Why You Shouldn't Worry About Higher Interest Rates


For years, U.S. investors have had a major ally in the Federal Reserve. Benchmark interest rates have been at zero. The Fed pumped billions of dollars into the economy each month. An historic bull market ran wild.

And that's all likely to change in six weeks.

Fed Chair Janet Yellen made news recently when she gestured toward an interest rate hike in six weeks. Observers have long argued a fall hike was in the cards. Yet Yellen's comments make it seem all but inevitable. Federal Reserve officials seem confident the U.S. economy is strong enough to absorb a hike.

Which raises the million dollar question for investors. How the stock market will react? 

To answer that question, we need to peek back into history.

U.S. interest rates have been volatile over the last four decades. When looking at the historical data we see patterns develop. According to a study by Russell Research, equities have done better during periods of falling interest rates over the last 40 years. Yet the difference is only about one-percent. Overall, equities tend to do best when interest rates fall quickly, or rise slowly. 

It's also interesting to note that foreign stocks outperform U.S. stocks during rising periods. Commodities, private equity and REITs also perform better when rates rise. Treasury bonds do not, though that's no great surprise. The private real estate market also tends to suffer.

Historical information offers useful context. Yet we should note this data depends on a huge variety of factors. Stock market bubbles and other events can skew the numbers, for example.

How dramatic will the impact be?

It's natural to worry about higher rates. The climate for investors over the last few years has been optimal. Yet the serious concern displayed in some corners is not warranted. 

The hike is likely to be gentle. Borrowing costs are unlikely to surge. Investors seem to have internalized this idea. Markets across the globe rose upon news of Yellen's statement. China, the one outlying exception, is dealing with its own serious market crisis.

It's also important to note rate hikes aren't linked to bear markets. Historically, volatility jumps in the three months after a rate hike. Markets tend to have a negative reaction -- at least initially. Yet these effects usually disappear within six months or a year.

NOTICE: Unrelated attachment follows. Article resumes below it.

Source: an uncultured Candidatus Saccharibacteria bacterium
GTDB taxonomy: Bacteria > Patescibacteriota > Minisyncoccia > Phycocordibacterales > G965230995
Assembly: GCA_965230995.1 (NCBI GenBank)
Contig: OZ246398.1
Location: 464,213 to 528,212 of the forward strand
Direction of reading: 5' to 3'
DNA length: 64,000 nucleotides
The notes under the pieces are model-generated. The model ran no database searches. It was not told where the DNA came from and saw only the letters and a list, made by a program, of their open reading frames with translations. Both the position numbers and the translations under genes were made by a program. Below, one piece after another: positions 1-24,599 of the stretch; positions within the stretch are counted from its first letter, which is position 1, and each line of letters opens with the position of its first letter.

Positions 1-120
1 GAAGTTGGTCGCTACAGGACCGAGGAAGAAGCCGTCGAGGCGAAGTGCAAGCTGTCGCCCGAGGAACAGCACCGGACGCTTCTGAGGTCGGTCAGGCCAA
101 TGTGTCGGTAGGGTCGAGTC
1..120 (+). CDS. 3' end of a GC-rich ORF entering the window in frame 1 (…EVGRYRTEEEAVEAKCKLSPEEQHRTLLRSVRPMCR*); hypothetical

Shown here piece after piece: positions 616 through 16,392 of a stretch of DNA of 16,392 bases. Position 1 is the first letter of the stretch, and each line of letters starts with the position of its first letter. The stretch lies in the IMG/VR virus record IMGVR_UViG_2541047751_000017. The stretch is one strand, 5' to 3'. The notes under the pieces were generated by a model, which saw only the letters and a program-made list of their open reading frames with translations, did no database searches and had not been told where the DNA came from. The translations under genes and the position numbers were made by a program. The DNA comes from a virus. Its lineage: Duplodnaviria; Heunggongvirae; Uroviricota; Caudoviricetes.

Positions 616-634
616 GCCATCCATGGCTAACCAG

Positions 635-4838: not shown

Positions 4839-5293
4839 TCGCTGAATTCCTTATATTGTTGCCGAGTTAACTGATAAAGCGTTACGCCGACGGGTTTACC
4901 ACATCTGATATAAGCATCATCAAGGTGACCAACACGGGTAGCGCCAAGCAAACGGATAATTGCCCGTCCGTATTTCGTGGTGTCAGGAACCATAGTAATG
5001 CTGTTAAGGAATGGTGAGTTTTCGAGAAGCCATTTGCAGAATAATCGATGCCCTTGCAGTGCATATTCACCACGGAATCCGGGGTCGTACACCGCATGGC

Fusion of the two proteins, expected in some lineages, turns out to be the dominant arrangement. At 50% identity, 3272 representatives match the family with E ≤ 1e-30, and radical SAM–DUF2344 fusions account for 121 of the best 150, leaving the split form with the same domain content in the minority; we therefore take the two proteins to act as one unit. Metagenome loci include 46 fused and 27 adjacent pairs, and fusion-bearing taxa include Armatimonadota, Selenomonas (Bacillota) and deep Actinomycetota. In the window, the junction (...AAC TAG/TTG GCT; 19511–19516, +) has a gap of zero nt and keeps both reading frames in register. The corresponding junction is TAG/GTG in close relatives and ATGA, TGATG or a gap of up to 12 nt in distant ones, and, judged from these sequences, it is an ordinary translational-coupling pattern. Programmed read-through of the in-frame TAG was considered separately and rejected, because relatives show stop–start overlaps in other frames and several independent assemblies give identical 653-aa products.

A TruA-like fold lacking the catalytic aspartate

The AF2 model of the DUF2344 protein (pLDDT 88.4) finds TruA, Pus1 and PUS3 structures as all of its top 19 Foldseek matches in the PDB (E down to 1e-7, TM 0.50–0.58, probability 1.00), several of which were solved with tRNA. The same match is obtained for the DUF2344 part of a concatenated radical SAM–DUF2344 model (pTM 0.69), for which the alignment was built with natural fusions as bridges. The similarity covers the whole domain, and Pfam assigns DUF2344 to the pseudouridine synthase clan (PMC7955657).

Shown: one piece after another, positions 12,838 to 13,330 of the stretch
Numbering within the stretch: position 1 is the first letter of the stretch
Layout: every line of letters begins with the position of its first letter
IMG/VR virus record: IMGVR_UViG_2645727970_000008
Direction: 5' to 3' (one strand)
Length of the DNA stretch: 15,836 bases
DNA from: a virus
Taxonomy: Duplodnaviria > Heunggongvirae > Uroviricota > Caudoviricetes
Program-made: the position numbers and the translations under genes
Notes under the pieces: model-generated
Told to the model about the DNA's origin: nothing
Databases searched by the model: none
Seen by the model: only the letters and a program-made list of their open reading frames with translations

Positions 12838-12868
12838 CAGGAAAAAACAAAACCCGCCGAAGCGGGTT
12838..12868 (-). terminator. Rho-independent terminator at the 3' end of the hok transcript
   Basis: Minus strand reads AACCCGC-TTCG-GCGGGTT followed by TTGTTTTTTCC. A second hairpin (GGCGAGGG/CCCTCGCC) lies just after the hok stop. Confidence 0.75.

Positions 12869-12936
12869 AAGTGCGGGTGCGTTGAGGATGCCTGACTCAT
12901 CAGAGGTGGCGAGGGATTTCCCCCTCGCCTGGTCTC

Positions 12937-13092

It's also key to note just how low rates are. Even after a hike, interest rates will still be low by historical standards.

Plan for action

Are you worried about the effect of rising rates on your portfolio? Then take a deep breath. History shows us any negative effect is likely to be fairly fleeting. It's important to act prudently. 

The most serious risk to any investor usually comes from his own irrational reaction, rather than external events. With that in mind, here are a few things to consider.

  • Remember that rate hikes affect everyone differently. Those with money in CDs or money markets will benefit, for example.
  • Rate hikes are a long-term positive for stocks. Yet some do better than others. Growth stocks with no dividends bear particular notice.
  • Large banks and financial services firms will likely see a short-term boost. This natural bounce can work to an investor's benefit.
  • Pay attention to the duration of bonds. High quality bonds with shorter maturity may be a better bet.
  • Consider tilting toward sectors that are economically sensitive, such as energy and financial. ETFs are a smart way to do this.
  • Remember that higher rates will improve returns over the long run. Studies have shown that the average five year return for global stocks and bonds improves with higher rates.

Rate hikes create uncertainty -- particularly after almost a decade of rock bottom interest rates. Yet the savvy and prepared investor can turn this situation to his benefit by following the advice outlined above.

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